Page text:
Ex-assemblyman urges politicians: ‘Bring measures to monitor food quality’

The content originally appeared on: Trinidad and Tobago Newsday

Dr Roxanne Mitchell – THA

A FORMER THA assemblyman is urging politicians to bring to the Parliament for debate measures to monitor and regulate the quality of imported and locally produced food.

Gerry MacFarlane made the call on June 13 while speaking at the Fifth Joint Select Committee (JSC) meeting on Social Services and Public Administration at the Scarborough Library, Tobago.

The JSC, chaired by independent senator Dr Paul Richards, dealt specifically with the island’s public health sector as it relates to non-communicable diseases (NCDs), such as diabetes, hypertension, cancer and cardiovascular conditions. The other members were Senator Avinash Singh and MP Roger Munroe.

The health panel comprised Dr Roxanne Mitchell, general manager primary care, Tobago Regional Health Authority (TRHA); Dr Ogonna Okeke, medical chief of staff, Scarborough Hospital; and Garth Alexander, acting CEO, TRHA.

In her opening remarks, Mitchell referred to recent statistics which said that NCDs accounted for 60 per cent of the deaths in the country.

She said in Tobago, one in every eight people was treated for hypertension.

But she noted that the ratio was not a true reflection of the number of people actually living with the condition.

“It is only the number of people we treat,” she said.

Mitchell added one in every 12 people was treated for diabetes.

MacFarlane, a businessman, believes the number of people dying from NCDs far exceeds what the statistics have revealed.

“The issue of NCDs is so serious on this island. But I am convinced to my bone that the deaths from NCDs in Tobago are much more than 60 per cent.

“Based on what I am seeing, what I am hearing and some of the results I am getting, it is much more,” he said during the open forum.

MacFarlane wondered if research was being done on the sugar content of the foods that are imported or even bought locally.

“We see things like cauliflower looking clean and smooth, bananas looking spotless. How yuh think they looking like that? You think they just water them? Is chemicals they use to make them spotless. I have seen it for myself in Puerto Rico, Dominica, St Lucia.”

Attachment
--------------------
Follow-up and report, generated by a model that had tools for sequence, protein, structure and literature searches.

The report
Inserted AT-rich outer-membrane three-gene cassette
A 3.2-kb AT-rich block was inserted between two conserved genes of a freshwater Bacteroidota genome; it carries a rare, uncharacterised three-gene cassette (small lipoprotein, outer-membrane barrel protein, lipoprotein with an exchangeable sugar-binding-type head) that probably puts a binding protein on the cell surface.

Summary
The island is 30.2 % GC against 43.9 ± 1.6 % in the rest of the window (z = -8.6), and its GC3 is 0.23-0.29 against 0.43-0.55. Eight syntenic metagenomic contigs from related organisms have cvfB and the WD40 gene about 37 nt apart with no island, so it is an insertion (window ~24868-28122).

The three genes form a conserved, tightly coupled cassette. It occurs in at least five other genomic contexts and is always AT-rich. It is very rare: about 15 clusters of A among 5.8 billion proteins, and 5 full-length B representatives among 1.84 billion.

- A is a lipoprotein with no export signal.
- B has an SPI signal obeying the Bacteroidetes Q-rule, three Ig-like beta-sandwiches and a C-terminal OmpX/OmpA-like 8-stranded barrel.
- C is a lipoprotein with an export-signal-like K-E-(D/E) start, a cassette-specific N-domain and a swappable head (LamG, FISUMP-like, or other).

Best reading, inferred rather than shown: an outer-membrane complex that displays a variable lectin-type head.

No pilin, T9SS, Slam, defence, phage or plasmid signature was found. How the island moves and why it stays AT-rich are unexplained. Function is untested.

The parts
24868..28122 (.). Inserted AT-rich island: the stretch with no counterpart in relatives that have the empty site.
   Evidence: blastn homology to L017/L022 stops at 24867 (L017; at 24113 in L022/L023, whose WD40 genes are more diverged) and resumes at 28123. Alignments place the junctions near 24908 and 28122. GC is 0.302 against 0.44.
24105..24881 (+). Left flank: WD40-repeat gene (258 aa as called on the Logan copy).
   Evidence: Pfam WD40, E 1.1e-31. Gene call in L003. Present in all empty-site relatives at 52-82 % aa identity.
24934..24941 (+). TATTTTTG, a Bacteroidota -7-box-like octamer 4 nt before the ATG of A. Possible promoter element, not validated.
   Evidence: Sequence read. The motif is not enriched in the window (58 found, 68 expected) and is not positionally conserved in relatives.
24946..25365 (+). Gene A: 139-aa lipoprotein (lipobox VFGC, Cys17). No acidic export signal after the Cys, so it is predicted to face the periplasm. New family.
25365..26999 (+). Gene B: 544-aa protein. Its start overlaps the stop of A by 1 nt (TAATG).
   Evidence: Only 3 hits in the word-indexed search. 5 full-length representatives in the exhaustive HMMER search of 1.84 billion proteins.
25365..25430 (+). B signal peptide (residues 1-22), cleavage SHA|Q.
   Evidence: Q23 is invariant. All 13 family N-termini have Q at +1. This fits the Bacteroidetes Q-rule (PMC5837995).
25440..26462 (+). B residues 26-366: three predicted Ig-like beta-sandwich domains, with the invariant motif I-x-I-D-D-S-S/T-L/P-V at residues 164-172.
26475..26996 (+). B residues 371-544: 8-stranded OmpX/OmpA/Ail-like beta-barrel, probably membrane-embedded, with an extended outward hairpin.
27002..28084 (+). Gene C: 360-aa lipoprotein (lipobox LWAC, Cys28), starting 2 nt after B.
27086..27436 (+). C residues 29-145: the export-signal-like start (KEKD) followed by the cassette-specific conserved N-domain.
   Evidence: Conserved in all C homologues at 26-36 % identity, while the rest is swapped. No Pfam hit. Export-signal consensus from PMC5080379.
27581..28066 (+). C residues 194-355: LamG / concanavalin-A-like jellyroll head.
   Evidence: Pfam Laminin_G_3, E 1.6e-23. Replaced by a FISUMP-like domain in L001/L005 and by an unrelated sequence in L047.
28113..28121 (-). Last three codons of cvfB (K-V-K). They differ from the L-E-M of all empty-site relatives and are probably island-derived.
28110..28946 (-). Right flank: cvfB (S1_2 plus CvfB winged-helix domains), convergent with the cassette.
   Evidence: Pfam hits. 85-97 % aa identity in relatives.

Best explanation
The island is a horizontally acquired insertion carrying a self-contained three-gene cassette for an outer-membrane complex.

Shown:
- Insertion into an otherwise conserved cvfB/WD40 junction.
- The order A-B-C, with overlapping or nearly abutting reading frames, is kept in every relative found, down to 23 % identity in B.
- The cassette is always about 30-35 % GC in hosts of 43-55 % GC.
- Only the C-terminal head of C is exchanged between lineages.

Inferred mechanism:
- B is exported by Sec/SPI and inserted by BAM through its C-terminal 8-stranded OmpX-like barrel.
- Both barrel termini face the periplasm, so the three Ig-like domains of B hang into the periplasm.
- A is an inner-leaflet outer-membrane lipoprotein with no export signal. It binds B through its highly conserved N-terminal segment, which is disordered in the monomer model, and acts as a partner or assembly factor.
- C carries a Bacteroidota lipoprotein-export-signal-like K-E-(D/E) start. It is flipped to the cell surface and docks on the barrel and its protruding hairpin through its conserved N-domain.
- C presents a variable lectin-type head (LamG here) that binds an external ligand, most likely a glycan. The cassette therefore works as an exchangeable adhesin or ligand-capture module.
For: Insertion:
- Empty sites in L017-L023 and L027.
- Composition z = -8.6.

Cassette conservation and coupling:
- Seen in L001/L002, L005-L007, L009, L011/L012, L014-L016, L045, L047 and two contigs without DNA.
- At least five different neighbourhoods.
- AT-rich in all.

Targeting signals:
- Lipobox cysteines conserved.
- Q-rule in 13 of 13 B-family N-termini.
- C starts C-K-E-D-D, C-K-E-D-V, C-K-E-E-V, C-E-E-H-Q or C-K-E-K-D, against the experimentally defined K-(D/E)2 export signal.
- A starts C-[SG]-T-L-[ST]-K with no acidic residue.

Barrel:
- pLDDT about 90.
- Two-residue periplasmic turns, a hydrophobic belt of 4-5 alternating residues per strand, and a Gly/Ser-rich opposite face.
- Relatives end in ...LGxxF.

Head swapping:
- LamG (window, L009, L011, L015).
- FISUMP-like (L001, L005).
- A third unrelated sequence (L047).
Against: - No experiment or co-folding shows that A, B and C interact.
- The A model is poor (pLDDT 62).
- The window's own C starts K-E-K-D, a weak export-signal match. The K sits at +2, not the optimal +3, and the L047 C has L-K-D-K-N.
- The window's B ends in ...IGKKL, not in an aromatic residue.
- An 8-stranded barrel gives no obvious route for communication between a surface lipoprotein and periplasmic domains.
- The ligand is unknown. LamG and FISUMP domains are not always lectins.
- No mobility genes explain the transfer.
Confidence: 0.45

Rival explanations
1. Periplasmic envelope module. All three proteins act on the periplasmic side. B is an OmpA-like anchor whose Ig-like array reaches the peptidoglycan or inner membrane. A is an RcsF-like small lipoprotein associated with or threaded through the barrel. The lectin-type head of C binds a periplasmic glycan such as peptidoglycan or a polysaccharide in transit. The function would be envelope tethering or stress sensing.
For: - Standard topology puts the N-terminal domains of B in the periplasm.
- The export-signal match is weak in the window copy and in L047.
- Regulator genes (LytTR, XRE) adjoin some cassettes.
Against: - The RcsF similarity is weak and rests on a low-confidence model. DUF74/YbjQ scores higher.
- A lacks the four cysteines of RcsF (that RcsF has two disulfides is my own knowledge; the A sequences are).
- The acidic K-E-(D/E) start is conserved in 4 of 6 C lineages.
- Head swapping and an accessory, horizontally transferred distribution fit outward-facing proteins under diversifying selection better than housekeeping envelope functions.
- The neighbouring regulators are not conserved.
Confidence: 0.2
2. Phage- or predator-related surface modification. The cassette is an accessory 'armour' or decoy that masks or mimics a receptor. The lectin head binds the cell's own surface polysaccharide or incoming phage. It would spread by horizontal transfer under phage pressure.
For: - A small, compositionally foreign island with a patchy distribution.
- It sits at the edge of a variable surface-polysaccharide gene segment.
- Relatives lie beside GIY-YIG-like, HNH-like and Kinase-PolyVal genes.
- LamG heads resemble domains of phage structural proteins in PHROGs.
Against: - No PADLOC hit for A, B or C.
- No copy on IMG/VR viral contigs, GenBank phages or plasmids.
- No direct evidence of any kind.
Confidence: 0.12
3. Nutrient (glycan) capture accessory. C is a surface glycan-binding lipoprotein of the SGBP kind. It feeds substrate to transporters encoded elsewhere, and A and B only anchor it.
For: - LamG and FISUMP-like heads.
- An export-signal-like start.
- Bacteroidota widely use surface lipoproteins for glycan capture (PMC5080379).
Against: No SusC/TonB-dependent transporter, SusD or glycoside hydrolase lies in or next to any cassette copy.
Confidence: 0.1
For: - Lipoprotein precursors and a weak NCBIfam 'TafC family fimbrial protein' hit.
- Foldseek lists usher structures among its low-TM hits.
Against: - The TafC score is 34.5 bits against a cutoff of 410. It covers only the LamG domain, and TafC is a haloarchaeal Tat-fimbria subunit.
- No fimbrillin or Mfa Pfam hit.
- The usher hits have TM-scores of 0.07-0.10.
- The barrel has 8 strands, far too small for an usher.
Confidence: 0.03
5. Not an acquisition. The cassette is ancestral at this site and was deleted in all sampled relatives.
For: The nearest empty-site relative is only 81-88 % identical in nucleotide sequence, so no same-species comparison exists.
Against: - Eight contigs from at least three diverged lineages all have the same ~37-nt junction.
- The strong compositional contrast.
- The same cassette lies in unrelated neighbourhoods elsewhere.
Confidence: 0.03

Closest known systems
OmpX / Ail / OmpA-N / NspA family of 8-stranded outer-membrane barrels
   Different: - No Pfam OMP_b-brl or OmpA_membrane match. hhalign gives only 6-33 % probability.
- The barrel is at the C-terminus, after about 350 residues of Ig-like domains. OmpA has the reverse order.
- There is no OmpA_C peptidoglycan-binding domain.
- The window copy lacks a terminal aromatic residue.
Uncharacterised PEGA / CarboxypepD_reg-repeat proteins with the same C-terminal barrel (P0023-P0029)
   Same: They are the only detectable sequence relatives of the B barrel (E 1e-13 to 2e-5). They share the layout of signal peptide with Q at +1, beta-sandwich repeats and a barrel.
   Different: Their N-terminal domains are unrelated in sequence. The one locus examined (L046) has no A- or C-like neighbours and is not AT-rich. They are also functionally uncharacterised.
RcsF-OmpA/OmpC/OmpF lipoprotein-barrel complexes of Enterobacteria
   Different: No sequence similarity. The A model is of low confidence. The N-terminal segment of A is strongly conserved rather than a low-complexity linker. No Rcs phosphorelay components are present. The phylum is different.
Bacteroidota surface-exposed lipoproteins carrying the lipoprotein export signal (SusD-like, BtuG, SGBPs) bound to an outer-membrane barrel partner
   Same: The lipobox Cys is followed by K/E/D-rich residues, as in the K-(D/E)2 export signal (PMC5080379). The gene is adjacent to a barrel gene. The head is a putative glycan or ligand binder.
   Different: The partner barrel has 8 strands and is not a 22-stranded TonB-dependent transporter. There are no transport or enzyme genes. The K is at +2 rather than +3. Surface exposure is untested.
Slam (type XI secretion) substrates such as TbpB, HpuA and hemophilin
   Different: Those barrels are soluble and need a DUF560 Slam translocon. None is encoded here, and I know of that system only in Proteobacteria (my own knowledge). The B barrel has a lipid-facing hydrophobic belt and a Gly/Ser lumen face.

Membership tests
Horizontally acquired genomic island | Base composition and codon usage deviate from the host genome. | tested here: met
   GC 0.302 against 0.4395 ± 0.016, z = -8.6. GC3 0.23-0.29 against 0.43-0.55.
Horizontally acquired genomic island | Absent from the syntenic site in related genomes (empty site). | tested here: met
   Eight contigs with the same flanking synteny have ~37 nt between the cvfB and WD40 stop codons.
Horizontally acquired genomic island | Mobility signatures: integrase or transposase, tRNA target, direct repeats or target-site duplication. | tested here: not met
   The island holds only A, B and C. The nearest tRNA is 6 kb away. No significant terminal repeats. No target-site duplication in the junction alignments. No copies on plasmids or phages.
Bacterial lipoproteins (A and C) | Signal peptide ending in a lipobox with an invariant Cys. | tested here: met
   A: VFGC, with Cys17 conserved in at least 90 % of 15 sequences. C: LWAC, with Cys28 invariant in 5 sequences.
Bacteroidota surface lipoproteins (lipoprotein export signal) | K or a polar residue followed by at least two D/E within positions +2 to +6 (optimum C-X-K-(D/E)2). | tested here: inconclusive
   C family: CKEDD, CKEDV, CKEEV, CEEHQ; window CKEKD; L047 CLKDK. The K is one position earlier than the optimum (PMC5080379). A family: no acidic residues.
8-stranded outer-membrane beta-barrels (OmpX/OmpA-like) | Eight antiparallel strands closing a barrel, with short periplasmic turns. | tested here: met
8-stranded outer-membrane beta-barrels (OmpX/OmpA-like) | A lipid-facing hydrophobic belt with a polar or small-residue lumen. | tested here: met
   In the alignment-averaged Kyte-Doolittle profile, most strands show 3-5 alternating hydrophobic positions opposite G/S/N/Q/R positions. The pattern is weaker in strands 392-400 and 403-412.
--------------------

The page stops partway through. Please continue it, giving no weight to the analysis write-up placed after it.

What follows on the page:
He asked, “Where is the food and drug unit of this country to determine the quality of some of these things that are being imported and what we eat, in particular?

“Is that unit functioning? For years now, we hear that it is not equipped. They don’t do anything. They are not operational. Something must be done.”

MacFarlane recalled that in Mexico some years ago, the government had mandated that soft drinks and sweeteners be of a certain percentage. He said errant manufacturers were charged and fined.

“We have to get serious with our manufacturers. You are giving them the opportunity to kill us. Talk to them seriously about too sweet is not too good for the population.”

Addressing JSC chairman Richards directly, MacFarlane said, “You could move a motion to mandate that manufacturers and importers of food items have their ingredients checked or the contents of some adverse drugs monitored and regulated.”

Earlier, in her remarks, Mitchell said men made up less than 40 per cent of the people who access point-of-care services at clinics across the island, “With many defaulting once they are referred in for attention.”

But she observed that many men visited the Blue Room facility at the old Scarborough Hospital to address general men’s health concerns as well as issues relating to NCDs.

“This may be an opportunity for us moving forward in terms of getting more men to come into the system.”